Short, somewhat pudgy Barry Leonard looked like a marmot
Wearing a traditional plaid or pastel
Oxford short-sleeve over white tee-shirt,
Button at the neck remaining buttoned

Shoed not in penny loafers but adult-like black shoes
Over Argyle socks laid out by himself the night before,
Barry, expecting success in later life, kept
A little address book deep in his pants pocket
For the date of anyone’s birthday, to send them a card —
Whereas the boy had a commercial artist father at home
Seated in sleeveless undershirt before a rickety easel.
Neither junior higher respected the other

Over the telephone like sisters they gossiped about classmates.
For a week and a half the boy thought it clever,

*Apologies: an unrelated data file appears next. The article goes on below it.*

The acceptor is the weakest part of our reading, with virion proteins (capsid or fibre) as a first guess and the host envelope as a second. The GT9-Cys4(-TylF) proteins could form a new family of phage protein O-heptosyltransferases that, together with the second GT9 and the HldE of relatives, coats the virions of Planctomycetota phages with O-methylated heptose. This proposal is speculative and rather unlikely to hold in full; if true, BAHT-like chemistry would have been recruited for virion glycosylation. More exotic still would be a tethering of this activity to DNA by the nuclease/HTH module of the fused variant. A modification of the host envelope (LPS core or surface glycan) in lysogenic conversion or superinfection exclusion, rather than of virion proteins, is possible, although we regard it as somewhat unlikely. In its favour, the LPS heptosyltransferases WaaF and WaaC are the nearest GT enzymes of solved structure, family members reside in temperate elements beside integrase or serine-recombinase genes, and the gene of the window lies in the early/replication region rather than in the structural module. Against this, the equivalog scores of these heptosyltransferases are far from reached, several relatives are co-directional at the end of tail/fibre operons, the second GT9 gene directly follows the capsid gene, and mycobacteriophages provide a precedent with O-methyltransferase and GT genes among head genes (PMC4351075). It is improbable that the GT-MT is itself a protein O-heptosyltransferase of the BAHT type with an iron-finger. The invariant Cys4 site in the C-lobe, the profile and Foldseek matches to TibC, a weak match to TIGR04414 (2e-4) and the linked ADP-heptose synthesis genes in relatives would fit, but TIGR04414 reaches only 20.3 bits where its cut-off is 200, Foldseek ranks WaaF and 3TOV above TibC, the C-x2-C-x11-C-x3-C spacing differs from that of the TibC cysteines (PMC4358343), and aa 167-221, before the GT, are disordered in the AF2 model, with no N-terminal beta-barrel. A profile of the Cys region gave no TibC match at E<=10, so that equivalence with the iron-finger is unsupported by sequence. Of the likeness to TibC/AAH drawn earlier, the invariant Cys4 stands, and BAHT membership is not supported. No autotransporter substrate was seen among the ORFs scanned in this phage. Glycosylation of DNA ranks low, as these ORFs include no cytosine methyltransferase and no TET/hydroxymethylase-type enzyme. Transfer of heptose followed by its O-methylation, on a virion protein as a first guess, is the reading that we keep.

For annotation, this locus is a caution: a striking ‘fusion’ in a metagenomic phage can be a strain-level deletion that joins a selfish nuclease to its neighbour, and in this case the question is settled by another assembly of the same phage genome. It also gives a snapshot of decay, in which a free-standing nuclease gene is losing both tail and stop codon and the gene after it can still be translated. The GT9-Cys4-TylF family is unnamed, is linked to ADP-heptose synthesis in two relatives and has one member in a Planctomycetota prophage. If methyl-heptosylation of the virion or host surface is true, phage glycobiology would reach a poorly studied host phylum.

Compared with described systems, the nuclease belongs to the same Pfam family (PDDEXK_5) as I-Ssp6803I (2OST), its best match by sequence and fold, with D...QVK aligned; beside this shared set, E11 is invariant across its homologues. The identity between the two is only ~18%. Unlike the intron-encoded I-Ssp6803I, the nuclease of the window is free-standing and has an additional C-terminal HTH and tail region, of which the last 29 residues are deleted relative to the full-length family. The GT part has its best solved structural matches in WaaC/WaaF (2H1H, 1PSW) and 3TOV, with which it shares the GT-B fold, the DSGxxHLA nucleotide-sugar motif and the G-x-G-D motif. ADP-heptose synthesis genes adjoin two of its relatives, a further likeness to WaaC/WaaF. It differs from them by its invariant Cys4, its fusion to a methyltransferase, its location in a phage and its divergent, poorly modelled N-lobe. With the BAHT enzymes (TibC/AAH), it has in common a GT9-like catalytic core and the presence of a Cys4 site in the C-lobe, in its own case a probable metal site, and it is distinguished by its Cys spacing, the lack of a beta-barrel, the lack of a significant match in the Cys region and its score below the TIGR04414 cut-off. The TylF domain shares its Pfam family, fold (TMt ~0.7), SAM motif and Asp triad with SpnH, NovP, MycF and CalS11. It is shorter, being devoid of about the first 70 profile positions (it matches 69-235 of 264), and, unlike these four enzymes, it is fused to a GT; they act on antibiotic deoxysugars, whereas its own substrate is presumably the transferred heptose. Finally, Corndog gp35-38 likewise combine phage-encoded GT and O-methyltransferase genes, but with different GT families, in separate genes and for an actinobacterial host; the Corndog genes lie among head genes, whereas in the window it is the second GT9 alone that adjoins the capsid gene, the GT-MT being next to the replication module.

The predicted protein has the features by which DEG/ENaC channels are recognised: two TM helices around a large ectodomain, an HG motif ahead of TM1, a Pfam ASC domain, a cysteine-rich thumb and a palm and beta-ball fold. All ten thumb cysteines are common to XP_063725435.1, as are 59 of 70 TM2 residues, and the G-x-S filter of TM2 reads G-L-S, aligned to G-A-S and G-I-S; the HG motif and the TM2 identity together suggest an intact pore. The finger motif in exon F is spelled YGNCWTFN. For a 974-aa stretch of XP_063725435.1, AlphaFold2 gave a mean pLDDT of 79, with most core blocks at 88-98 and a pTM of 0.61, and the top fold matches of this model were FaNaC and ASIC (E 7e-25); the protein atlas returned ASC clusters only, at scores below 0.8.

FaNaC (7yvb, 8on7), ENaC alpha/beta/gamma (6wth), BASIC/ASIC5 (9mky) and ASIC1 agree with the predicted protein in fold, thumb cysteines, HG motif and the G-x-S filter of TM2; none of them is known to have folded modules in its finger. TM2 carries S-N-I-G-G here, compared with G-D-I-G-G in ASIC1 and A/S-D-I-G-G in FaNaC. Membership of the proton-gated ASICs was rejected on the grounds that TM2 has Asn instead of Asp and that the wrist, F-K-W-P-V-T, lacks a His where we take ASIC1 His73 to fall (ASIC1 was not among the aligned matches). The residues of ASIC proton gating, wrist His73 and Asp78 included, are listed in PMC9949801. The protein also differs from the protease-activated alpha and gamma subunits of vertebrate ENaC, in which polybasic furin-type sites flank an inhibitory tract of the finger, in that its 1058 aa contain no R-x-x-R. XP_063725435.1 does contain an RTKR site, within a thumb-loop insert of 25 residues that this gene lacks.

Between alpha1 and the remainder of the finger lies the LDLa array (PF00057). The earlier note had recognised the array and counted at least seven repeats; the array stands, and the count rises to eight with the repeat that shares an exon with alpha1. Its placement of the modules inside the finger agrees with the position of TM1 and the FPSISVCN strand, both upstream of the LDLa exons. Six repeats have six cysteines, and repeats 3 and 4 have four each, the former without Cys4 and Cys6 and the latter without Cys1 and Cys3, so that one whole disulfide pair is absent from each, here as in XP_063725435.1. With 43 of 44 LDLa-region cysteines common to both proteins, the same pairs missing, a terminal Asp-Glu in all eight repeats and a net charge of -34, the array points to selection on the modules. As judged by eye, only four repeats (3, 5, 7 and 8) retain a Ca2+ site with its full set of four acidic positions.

Lowering his treble voice, aping an inspector,
Over the telephone to flush a householder
And inquire “Is your refrigerator running?”
And after the reply, to advise, “Well, you had better
Go after it, before it gets away.” One evening
The boy went too far: over unusually beating heart

He dialed a number found in the directory
And, a well-modulated young voice responding,
Asked “Is this Miss Parker? Miss Parker who teaches Biology
At Albert Sidney Johnson Junior High?” A nervous
Swallow later: “Yes? Well, Miss Parker, do me a favor
And go to Hell” — ineptly replacing the receiver,
Seeing the drained face, resolving at that moment
To no longer spend time with the second-best friend

Who taught him to play such a game. Soon the two
Stood together only on the playground during P. E.,
Playing no sport, abashed in a circle with other misfits.
But he always knew whose fault it was.